The movie was based upon the real life events of Charles Raymond Starkweather (20) and his girlfriend Caril Ann Fugate (14), a pair of spree killers who went on a two month rampage killing numerous people, beginning in 1957 and culminating in 1958, including Fugate's entire family in the area of Nebraska and Wyoming, before they were finally captured. Starkweather was sentenced to death and died in the electric chair just after midnight at Nebraska State Penitentiary on June 25th 1959, while Fugate received a life sentence, eventually commuted, allowing her to be released in June 1976.
If this letter was genuine Zodiac correspondence, what was it about the movie Badlands that struck a chord with the killer of at least five people between December 20th 1968 and October 11th 1969. Was there anything in the movie or case history of these murderers, that sparked the trigger behind the Zodiac Killer, he now appeared to be at odds with.
Charles Raymond Starkweather was afflicted early on in his life with several handicaps, including bow leggedness, severe myopia, bordering on blindness and a speech impediment, which unsurprisingly led to bullying and teasing at Saratoga Elementary School, Everett Junior High School and Lincoln High School. The tables however would eventually be turned, as Starkweather grew from the bullied to the bully, in reaction to his years of torment at the hand of classmates.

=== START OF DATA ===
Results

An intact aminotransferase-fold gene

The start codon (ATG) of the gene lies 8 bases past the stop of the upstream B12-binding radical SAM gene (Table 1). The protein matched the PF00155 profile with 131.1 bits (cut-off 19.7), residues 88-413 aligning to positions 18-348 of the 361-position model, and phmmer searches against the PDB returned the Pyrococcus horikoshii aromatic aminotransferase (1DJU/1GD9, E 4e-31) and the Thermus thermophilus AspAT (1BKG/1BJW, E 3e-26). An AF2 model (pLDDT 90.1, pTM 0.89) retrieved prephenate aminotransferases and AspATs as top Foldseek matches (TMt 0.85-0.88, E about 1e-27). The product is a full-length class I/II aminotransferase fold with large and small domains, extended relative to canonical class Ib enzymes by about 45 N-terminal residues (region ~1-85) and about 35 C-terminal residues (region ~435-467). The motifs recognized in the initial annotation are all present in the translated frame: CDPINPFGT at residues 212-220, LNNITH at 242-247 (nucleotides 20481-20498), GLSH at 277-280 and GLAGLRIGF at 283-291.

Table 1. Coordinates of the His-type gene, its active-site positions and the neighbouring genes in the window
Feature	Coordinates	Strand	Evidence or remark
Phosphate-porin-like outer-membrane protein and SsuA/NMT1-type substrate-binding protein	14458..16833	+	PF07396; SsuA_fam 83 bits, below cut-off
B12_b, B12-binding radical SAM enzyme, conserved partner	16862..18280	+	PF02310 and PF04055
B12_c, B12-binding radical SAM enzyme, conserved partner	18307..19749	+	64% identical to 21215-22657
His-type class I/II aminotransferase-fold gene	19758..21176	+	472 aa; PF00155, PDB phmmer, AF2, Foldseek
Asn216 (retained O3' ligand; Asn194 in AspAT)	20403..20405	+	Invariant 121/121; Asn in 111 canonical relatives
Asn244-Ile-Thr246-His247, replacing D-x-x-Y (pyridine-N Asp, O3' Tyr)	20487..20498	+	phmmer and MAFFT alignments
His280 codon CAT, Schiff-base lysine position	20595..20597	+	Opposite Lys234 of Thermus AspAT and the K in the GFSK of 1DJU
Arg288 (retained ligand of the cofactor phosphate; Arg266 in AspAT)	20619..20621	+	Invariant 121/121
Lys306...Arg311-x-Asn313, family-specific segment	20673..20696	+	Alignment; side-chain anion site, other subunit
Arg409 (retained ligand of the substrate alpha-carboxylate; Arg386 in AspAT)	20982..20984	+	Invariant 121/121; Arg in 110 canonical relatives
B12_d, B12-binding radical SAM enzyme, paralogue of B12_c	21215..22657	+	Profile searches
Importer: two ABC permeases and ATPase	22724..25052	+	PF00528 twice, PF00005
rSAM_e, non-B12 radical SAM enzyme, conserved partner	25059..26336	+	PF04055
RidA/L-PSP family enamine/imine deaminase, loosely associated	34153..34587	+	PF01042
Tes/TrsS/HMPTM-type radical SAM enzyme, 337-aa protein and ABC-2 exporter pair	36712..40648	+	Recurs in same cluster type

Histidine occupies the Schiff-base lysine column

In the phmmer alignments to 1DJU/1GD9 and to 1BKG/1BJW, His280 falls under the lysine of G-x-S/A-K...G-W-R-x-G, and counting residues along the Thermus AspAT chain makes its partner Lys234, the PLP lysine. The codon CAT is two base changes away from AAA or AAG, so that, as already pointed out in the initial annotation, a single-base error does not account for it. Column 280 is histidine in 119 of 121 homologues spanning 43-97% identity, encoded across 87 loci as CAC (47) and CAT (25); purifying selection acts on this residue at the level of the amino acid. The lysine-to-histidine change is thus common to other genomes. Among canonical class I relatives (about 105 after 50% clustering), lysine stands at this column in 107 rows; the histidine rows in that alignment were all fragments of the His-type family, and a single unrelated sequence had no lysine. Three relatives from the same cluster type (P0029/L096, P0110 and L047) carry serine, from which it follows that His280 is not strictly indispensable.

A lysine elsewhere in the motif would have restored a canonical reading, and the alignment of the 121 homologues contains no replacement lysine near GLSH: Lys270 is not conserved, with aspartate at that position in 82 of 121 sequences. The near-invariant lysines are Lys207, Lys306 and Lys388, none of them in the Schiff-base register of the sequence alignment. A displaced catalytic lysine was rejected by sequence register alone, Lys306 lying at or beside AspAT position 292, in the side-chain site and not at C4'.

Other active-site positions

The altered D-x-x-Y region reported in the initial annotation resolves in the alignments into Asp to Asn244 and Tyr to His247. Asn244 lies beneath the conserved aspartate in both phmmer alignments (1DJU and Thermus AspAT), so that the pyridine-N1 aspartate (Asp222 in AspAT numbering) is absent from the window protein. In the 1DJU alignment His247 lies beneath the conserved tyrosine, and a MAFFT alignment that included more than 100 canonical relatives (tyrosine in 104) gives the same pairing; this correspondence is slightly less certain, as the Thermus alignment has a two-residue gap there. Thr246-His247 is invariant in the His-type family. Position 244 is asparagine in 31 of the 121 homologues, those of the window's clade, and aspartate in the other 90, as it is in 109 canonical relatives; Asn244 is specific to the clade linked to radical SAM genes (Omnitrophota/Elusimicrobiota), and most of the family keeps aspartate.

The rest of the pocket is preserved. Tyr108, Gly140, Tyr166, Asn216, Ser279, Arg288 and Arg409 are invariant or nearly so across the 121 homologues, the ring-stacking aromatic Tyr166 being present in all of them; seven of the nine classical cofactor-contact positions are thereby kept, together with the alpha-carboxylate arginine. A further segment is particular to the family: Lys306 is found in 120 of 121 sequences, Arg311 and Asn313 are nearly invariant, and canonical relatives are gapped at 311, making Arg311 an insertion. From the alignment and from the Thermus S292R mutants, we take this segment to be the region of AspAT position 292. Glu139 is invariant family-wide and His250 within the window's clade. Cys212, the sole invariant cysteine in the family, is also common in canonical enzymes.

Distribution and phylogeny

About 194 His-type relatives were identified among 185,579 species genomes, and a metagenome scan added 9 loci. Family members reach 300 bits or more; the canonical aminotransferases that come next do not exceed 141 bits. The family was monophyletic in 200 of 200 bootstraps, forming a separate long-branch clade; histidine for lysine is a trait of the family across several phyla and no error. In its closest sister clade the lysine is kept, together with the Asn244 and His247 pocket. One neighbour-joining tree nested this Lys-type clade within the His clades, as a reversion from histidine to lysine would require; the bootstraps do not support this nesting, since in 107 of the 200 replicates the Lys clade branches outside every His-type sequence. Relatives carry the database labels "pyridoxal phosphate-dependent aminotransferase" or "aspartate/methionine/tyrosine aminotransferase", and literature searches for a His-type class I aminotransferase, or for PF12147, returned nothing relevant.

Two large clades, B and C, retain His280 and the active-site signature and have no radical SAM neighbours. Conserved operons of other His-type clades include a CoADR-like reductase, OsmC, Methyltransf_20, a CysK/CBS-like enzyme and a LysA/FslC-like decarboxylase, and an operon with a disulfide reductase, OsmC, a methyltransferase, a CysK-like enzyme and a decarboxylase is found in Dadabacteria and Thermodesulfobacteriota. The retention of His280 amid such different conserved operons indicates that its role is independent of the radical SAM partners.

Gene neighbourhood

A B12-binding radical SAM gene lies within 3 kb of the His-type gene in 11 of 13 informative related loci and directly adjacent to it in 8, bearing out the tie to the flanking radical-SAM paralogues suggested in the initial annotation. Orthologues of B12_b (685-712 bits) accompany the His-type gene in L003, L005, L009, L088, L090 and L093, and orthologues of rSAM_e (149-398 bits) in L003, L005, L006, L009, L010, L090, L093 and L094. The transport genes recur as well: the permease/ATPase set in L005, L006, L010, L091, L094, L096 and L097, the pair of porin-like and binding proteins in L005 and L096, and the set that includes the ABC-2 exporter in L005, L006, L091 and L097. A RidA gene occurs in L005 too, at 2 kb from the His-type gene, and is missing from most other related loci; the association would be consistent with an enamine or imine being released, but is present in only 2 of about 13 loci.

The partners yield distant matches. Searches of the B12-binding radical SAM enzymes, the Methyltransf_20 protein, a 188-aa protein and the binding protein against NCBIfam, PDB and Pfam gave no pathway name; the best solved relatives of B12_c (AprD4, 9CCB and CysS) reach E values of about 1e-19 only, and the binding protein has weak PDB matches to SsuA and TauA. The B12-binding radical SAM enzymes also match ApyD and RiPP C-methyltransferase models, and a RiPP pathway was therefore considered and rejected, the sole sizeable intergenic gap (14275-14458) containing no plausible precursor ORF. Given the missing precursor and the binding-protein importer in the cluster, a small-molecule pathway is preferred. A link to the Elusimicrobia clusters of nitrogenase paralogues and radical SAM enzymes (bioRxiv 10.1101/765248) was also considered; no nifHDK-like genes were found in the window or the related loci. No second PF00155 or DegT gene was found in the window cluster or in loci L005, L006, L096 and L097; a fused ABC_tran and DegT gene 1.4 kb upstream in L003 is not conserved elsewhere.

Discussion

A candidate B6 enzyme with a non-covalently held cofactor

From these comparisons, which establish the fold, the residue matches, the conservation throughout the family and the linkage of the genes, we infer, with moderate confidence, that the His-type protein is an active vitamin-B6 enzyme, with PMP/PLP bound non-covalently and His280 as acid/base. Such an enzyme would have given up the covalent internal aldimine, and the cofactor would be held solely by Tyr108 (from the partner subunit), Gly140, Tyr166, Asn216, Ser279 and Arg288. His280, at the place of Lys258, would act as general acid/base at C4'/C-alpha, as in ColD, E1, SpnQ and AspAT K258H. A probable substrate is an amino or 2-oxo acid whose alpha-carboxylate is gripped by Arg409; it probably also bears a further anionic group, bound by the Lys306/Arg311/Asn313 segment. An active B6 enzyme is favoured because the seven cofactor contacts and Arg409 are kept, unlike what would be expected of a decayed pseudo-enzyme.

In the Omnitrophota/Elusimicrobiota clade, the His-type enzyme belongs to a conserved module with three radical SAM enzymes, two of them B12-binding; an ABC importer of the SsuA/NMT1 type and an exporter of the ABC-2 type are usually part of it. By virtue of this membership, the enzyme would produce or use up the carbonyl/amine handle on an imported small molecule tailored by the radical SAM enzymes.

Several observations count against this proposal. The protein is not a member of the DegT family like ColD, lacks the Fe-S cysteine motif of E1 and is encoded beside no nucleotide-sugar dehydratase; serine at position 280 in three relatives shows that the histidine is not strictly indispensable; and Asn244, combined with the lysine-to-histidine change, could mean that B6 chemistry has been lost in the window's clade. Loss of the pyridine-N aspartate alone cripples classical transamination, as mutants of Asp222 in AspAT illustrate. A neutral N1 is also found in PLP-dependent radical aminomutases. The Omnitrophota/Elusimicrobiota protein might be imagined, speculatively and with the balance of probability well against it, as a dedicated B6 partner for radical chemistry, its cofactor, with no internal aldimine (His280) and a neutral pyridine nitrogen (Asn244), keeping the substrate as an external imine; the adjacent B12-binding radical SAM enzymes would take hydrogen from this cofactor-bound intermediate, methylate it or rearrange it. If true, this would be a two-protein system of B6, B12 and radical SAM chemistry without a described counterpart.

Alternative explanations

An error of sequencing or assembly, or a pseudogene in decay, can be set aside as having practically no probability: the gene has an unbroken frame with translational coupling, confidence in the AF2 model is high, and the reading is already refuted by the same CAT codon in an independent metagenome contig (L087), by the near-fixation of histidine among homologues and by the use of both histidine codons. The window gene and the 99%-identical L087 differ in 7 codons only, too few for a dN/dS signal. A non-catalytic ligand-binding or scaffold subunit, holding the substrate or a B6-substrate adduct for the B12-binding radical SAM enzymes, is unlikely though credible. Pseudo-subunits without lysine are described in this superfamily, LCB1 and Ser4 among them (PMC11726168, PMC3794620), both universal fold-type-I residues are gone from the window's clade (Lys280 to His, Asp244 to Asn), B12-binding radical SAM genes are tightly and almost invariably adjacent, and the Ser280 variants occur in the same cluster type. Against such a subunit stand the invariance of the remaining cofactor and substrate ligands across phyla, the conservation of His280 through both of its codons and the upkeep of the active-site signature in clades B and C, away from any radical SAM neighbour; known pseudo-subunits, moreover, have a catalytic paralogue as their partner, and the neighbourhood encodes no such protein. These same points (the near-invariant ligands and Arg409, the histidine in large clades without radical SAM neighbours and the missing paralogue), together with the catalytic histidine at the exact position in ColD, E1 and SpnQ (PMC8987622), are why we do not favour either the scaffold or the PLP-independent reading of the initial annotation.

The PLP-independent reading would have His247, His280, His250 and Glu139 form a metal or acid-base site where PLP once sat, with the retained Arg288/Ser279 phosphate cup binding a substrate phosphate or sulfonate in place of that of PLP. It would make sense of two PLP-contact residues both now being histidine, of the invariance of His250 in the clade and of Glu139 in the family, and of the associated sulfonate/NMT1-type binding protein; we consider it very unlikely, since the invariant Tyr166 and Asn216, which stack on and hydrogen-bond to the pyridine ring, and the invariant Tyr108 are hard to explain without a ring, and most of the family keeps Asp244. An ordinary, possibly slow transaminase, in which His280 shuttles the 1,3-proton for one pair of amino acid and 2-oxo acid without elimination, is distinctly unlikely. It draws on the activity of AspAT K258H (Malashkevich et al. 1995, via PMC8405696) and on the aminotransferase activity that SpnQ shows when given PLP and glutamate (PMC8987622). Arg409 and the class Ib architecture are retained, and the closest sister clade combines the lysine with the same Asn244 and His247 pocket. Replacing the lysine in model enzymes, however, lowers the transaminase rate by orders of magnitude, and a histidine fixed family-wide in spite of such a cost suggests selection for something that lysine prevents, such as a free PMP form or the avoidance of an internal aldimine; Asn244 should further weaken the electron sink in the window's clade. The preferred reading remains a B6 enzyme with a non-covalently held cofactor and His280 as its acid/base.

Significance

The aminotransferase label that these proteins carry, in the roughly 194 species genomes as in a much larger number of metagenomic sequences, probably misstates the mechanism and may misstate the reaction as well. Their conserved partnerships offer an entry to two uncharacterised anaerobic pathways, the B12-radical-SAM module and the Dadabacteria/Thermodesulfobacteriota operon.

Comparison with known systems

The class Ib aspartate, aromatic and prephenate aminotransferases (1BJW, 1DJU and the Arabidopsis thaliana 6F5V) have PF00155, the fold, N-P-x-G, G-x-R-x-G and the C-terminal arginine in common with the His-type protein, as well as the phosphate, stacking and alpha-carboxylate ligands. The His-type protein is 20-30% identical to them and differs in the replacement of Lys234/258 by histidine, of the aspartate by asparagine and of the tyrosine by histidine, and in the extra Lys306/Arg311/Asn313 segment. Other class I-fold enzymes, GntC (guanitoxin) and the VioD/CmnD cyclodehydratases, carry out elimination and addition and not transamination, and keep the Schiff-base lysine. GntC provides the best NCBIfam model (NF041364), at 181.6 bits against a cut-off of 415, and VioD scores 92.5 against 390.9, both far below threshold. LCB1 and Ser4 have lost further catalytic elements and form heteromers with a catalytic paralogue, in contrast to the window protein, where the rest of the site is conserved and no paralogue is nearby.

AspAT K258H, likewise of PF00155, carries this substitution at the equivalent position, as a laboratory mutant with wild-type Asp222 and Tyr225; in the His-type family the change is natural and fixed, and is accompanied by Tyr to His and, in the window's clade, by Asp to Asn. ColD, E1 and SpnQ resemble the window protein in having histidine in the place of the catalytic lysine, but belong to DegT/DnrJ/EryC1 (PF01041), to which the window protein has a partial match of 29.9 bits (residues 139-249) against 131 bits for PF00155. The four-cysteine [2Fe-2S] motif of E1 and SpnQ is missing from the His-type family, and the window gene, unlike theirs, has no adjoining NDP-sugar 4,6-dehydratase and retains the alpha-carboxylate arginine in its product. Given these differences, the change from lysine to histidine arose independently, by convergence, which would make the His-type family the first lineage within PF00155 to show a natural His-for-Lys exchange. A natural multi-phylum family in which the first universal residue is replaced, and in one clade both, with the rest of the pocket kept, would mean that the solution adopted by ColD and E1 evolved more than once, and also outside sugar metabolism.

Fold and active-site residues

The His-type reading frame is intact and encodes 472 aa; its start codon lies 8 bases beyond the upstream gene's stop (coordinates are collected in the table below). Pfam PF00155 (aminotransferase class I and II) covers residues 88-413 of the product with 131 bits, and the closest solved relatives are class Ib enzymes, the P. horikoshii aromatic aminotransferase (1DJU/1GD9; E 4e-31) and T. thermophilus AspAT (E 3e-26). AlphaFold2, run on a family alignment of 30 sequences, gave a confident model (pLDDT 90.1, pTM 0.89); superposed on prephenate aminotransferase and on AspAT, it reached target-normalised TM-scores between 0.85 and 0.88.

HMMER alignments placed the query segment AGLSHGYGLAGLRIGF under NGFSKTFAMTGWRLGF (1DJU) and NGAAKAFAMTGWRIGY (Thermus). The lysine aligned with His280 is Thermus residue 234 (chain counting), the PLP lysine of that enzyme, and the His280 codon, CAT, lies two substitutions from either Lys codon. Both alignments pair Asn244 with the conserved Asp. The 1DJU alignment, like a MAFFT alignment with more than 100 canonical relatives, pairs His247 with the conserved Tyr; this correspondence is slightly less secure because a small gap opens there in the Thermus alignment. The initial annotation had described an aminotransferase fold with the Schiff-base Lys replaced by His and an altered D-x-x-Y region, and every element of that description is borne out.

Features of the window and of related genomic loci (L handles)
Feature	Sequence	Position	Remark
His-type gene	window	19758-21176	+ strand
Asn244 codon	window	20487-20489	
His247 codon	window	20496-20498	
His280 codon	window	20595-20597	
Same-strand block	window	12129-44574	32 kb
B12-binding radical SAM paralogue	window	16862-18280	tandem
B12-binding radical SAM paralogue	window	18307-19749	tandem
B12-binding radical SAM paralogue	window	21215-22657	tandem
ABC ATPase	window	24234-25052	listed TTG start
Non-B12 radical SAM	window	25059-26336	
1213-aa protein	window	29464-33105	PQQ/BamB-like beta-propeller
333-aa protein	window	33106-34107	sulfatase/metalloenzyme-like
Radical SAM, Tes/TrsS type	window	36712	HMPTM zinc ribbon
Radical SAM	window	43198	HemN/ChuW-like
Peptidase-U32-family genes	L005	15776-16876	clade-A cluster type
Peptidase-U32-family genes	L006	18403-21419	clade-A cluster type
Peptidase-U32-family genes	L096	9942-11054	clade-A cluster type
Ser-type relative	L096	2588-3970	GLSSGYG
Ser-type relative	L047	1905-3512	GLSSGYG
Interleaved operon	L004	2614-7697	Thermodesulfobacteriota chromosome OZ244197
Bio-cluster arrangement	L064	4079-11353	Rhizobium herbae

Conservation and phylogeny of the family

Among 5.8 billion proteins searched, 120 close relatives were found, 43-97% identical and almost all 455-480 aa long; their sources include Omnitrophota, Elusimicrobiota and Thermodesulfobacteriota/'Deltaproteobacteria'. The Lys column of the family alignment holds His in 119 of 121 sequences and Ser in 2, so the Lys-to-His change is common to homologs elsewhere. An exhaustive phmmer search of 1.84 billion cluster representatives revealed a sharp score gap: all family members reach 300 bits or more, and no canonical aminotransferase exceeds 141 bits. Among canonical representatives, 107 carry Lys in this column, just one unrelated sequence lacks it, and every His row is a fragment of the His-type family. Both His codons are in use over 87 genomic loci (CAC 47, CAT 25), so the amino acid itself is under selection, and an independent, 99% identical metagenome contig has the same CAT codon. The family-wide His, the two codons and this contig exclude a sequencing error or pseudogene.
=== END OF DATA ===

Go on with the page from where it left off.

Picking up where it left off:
He assimilated an identity based on the actor James Dean, famous for his starring role in the 1955 movie 'Rebel Without a Cause', even sweeping his hair back in similar fashion.
This next section will be looking for any correlation between the killer in Northern California and the Starkweather and Fugate murder spree.
We have previously considered that the Zodiac Killer may have suffered with a speech impediment, and we know the Zodiac Killer's voice was only heard by three people. Two police dispatchers, Dave Slaight and Nancy Slover took calls from the killer minutes after the Lake Berryessa and Blue Rock Springs Attacks, along with the surviving victim of the Lake Berressa Attack, Bryan Hartnell. Was our killer identifying or empathizing with Charles Starkweather in any way, however small.
Nancy Slover described the voice as mature, without accent, who spoke even but consistent, soft but forceful, as if reading from a script. Bryan Hartnell stated that the man spoke with a drawl, a form of slow drawn out speech pattern, and later during an interview described the man's voice as a "unique way of talking". It has been surmised that the Zodiac Killer may have been afflicted with a moderate speech impediment, that he controlled in later years by speaking in a deliberate monotone fashion, not unlike the voice described by both Nancy Slover and Bryan Hartnell.
Kevin Robert Brooks highlighted that his prime suspect Donald Lee Bujok suffered progressive bullying at school on account of his speech impediment, that may have carved out the resentment that he carried forward into his adult life, not unlike Charles Starkweather before him.